Politics of crime
The continuing one-sided debate about various aspects of crime and punishment in Harperland is worse than a waste of time. It’s clear that the government is going ahead with its legislation, regardless of intelligent criticism.
I believe they’re laughing all the way to polls at all the “soft on crime” Canadians who keep raising the issue. The challenge for those who of us who disagree with these bully tactics, and that’s most of us, is to put some fear into the Harperites.
N.H. Clarke, Kingston, Ont.
In April of 2012, a spending report on the impact of budget cuts to the Canadian Food Inspection Agency warns: “There is a threat that the agency will lack the appropriate inspection effectiveness to expeditiously prevent, detect and respond to threats to food safety, animals and plants” (Tory Cuts To Hit Key Programs – April 5).
In February of 1996, an Ontario Management Board Secretariat comment on the impact of proposed budget cuts to the Ontario Ministry of the Environment warned: “Risk to human health and environment may increase.”
The 1996 Ontario warning became evidence at the judicial inquiry into the May, 2000, Walkerton drinking-water-contamination disaster. Current federal ministers Jim Flaherty, John Baird and Tony Clement were members of the provincial cabinet that proceeded with the budget cuts in Ontario anyway. These individuals might want to think again this time, before they find themselves facing another inquiry into why the government of which they were part failed to protect the health and safety of its constituents.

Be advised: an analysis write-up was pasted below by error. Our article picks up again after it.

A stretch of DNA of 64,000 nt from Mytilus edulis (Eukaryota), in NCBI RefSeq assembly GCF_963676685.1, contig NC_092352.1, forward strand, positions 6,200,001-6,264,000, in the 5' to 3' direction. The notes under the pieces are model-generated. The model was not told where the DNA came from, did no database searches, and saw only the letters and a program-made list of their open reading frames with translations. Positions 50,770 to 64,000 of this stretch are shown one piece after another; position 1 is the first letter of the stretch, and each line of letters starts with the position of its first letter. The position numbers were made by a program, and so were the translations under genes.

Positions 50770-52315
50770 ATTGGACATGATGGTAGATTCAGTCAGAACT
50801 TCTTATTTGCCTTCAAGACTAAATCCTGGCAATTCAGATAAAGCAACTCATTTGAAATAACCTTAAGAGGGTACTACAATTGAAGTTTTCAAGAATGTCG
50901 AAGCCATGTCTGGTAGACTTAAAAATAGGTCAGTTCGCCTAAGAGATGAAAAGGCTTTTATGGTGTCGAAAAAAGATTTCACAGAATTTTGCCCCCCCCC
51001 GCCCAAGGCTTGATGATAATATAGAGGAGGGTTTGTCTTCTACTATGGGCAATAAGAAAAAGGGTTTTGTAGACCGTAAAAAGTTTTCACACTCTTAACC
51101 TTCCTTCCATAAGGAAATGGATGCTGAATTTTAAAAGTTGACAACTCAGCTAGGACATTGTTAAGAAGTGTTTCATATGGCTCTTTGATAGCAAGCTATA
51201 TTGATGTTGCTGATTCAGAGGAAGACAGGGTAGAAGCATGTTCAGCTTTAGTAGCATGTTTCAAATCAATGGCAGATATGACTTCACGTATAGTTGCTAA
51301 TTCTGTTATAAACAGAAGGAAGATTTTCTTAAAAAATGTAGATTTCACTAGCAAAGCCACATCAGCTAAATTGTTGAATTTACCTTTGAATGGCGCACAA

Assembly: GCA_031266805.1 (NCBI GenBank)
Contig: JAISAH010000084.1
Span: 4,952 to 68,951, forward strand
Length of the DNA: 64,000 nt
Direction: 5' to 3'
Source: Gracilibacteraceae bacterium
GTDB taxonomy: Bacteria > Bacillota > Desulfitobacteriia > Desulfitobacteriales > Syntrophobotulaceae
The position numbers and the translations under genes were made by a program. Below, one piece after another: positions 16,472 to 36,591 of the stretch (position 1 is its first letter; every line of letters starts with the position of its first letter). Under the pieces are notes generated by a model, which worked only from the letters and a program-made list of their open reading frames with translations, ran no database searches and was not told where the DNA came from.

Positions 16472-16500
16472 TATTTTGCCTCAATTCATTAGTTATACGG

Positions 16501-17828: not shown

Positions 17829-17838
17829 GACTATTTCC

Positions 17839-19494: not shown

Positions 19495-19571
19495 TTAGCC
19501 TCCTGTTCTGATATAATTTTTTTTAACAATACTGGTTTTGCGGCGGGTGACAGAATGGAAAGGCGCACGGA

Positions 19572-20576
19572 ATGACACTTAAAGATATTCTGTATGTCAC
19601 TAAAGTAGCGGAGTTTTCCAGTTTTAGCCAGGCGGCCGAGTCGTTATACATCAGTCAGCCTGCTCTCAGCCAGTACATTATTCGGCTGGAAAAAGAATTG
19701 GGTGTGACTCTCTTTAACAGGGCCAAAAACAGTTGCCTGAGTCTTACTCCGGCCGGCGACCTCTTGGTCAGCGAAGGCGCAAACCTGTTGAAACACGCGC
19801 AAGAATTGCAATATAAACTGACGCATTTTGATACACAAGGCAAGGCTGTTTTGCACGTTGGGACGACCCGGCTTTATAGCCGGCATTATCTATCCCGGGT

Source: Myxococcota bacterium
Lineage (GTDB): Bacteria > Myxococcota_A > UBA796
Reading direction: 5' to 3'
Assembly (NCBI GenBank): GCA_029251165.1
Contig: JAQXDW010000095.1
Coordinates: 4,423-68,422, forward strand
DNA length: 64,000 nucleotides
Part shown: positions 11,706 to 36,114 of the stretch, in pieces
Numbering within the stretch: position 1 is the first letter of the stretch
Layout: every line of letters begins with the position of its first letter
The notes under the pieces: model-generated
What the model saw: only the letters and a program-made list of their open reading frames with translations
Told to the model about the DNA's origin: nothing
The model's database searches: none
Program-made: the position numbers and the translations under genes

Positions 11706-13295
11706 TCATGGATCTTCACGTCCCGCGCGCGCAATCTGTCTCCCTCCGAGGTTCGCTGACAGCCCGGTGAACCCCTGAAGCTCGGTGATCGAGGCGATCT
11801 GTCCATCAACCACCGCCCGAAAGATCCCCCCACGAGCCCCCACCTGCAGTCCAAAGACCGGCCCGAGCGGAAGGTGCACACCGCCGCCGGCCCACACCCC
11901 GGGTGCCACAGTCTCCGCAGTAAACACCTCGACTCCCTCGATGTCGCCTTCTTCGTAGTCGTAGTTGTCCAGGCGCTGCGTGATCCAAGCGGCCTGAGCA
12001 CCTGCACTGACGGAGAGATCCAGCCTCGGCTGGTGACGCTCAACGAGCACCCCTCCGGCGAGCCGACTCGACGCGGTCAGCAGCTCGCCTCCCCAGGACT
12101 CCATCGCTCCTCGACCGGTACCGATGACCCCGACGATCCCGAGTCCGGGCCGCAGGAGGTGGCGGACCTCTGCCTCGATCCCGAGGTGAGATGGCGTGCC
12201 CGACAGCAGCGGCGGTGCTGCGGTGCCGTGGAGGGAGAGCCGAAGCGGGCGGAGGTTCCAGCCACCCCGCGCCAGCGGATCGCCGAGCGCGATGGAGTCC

Mark S. Winfield, associate professor, Faculty of Environmental Studies, York University
According to The Globe, socialism can best be explained by looking at the former Soviet Union, Cuba and Venezuela – all extreme examples (Farewell To Arms, Comrades – editorial, April 5). Missing in action are the socialism-loving Scandinavian countries that have vibrant economies – and high standards of living. Scandinavians also love capitalism, and they have done a pretty good job at balancing the two.
Do we really want capitalism in its purist form? Shouldn’t the state ensure that profit doesn’t come at any price?
Cheryl McNamara, Toronto
The Globe tells me that capitalism has gifted us with prosperity, equality and progress. Now that we have that straightened out, we can stop grumbling about all the “not perfect” and, admittedly, sometimes unfortunate outcomes of capitalism.
I look forward to feeling better about the fact that capitalist prosperity makes a few people’s lives stupendously better than most others’. While I don’t recall ever seeing that good old corporate gang on the front lines of equality campaigns, I’m ready to admit that my doubts about their intentions could have blinded me to their solidarity with these struggles.
I know there’s not much time left to remedy the little bits of progress that do give us pause about capitalism, but if we can’t restore the balance, we can all look forward to one hell of a bankruptcy sale.
Esther Shannon, Vancouver